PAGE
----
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Before 1987, the Wednesday before Thanksgiving and the Friday after exhibited a reliable track record of small percentage gains from the S&P 500 (NYSEARCA:SPY). In fact, in the 26 years between 1960 and 1986, the only year the S&P experienced a loss was 1964. The reasons behind this trend could range from institutional investors taking an extended break, as evidenced by the lower-than-average volume over this week or perhaps the market just tends to feel good going into one of the biggest shopping days of the year. Who knows, but it’s interesting to see the consistency of the market over a long period of time.

Since 1987 things changed as Wednesday-Friday gained 17 out of 24 years, with the largest losses occurring in 1987 and 2009. Of course, the market was still feeling the effects of the crash in October 1987. The large loss in 2009 can be attributed to the news surrounding the Dubai debt crisis. Dubai World, one of the Emirate’s largest state-backed companies, sought to restructure $26B in debt for a period of six months, sending shock waves through the markets and crushing the numbers on Black Friday.

Oddly enough, the best percentage gain happened in the middle of the financial crisis in 2008 with the S&P rising 4.33% between Wednesday and Friday. That following Monday however brought the S&P back down to earth, dropping a full 80 points amounting to 8.93% to close at 816.21.

Check out the trends in the following chart to see the history of Thanksgiving Week since 1960. I included the numbers for Tuesday in the chart for perspective, but the point totals and percentage gain columns apply only to the Wednesday-Friday numbers.

Year

Tuesday Before

Wednesday Before

Friday After

Total Gain S&P 500 Points

Total Percentage Gain

S&P 500 Close

1960

(0.21)

0.08

0.33

0.41

0.73%

56.13

1961

0.06

(0.08)

0.14

0.06

0.08%

71.84

1962

0.63

0.36

0.73

1.09

1.77%

61.54

1963

2.77

(0.13)

0.98

0.85

1.16%

73.23

1964

(0.27)

(0.29)

(0.28)

(0.57)

-0.67%

85.16

1965

0.14

0.16

0.09

0.25

0.27%

92.03

1966

(0.42)

0.54

0.64

1.18

1.46%

80.85

1967

1.45

0.55

0.25

0.80

0.85%

93.90

1968

0.78

0.50

0.61

1.11

1.02%

108.37

1969

(0.30)

0.33

0.54

0.87

0.93%

93.81

1970

0.54

0.31

0.84

1.15

1.34%

85.93

1971

0.63

0.17

1.61

1.78

1.94%

91.94

1972

0.68

0.69

0.37

1.06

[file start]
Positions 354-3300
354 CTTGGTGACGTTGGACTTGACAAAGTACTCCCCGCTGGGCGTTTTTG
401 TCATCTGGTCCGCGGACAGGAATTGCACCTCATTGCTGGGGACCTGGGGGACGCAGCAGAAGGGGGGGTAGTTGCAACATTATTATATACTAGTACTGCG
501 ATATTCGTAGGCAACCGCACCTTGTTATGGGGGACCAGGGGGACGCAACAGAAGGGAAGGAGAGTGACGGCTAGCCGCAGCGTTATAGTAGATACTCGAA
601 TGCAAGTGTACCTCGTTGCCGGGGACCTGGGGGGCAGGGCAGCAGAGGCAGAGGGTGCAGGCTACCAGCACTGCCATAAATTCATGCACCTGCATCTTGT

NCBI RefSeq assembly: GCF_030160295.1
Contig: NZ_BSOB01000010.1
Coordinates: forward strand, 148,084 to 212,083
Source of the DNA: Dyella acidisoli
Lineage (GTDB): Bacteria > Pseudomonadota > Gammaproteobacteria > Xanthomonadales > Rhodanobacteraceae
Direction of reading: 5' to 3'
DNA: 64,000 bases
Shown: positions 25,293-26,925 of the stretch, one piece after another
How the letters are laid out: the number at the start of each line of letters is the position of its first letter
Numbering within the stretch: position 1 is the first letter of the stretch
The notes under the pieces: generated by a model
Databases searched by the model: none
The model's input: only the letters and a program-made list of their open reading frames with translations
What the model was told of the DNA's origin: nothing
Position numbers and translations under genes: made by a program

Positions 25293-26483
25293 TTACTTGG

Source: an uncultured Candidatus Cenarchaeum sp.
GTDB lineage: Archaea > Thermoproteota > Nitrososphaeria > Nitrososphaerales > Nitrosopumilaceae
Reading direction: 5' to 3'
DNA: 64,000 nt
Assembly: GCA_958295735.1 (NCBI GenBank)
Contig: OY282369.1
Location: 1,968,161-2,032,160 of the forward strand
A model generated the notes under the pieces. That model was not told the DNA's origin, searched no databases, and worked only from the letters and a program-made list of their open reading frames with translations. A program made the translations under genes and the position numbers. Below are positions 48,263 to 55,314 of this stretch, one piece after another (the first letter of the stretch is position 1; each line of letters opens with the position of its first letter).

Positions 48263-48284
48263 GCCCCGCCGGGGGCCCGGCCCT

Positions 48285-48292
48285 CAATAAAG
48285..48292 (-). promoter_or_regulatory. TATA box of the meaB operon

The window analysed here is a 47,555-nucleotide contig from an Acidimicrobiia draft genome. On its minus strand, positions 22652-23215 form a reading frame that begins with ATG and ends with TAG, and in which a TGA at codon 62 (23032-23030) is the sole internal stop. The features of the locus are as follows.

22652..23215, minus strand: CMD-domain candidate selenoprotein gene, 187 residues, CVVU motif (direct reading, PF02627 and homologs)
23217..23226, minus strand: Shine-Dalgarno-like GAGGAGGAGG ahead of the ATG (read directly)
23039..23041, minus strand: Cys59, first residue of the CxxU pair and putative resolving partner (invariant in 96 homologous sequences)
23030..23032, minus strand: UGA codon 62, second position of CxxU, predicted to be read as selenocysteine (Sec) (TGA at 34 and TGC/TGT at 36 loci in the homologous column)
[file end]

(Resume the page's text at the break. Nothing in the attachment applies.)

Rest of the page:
0.90%

117.27

1973

(2.05)

1.10

(0.32)

0.78

0.78%

99.44

1974

0.64

0.47

0.03

0.50

0.71%

69.97

1975

1.01

0.23

0.30

0.53

0.58%

91.24

1976

0.63

0.45

0.74

1.19

1.15%

103.15

1977

0.84

0.40

0.20

0.60

0.62%

96.69

1978

(0.24)

0.47

0.31

0.78

0.81%

95.79

1979

(0.54)

0.20

0.78

0.98

0.94%

104.67

1980

1.02

0.84

0.35

1.19

0.85%

140.52

1981

1.91

0.54

1.04

1.58

1.26%

125.09

1982

(1.29)

0.95

1.00

1.95

1.45%

134.88

1983

0.79

0.12

0.22

0.34

0.20%

167.18

1984

1.09

0.33

2.41

2.74

1.64%

166.92

1985

0.32

1.87

0.37

2.24

1.11%

202.17

1986

0.72

0.60

0.45

1.05

0.42%

249.22

1987

3.40

(2.29)

(3.76)

(6.05)

-2.52%

240.34

1988

0.99

1.79

(1.77)

0.02

0.01%

267.23

1989

0.24

2.32

2.06

4.38

1.27%

343.97

1990

(4.03)

0.72

(0.93)

(0.21)

-0.07%

315.10

1991

2.62

(1.41)

(1.33)

(2.74)

-0.73%

375.22

1992

2.47

1.60

0.97

2.57

0.60%

430.16

1993

1.90

1.33

0.70

2.03

0.44%

463.06

1994

(8.21)

(0.16)

2.36

2.20

0.49%

452.29

1995

3.39

(1.84)

1.57

(0.27)

-0.05%

599.97

1996

(1.07)

(0.96)

2.02

1.06

0.14%

757.02

1997

4.15

0.82

3.76

4.58

0.48%

955.40

1998

(5.22)

3.88

5.46

9.34

0.78%

1192.33

1999

(16.30)

12.44

(0.46)

11.98

0.85%

1416.62

2000

4.73

(24.99)

19.41

(5.58)

-0.42%

1341.77

2001

(8.40)

(5.63)

13.31

7.68

0.67%

1150.34

2002

(19.56)

25.56

(2.56)

23.00

2.46%

936.31

2003

1.81

4.56

(0.25)

4.31

0.41%

1058.20

2004

(0.30)

4.82

0.89

5.71

0.48%

1182.65

2005

6.38

4.38

2.64

7.02

0.55%

1268.25

2006

2.31

3.28

(5.14)

(1.86)

-0.13%

1400.95

2007

6.43

(22.93)

23.93

1.00

0.07%

1440.70

2008

5.58

30.29

8.56

38.85

4.33%

896.24

2009

(0.59)

4.98

(23.36)

(18.38)

-1.69%

1087.27

2010

(17.11)

17.62

(8.95)

8.67

0.73%

1189.40

So, what does this all mean for Thanksgiving Week 2011? If you go with the history, a good strategy appears to come into the week long and exiting into any signs of strength on Friday. Be careful though, the super committee deadline to trim $1.2T from the budget comes up on Wednesday and all eyes are on the ECB to see how it will respond to the European debt crisis. It remains to be seen how the market will react to these events or non-events.

Disclosure: I have no positions in any stocks mentioned, and no plans to initiate any positions within the next 72 hours.

Source: Trading The Market During Thanksgiving Week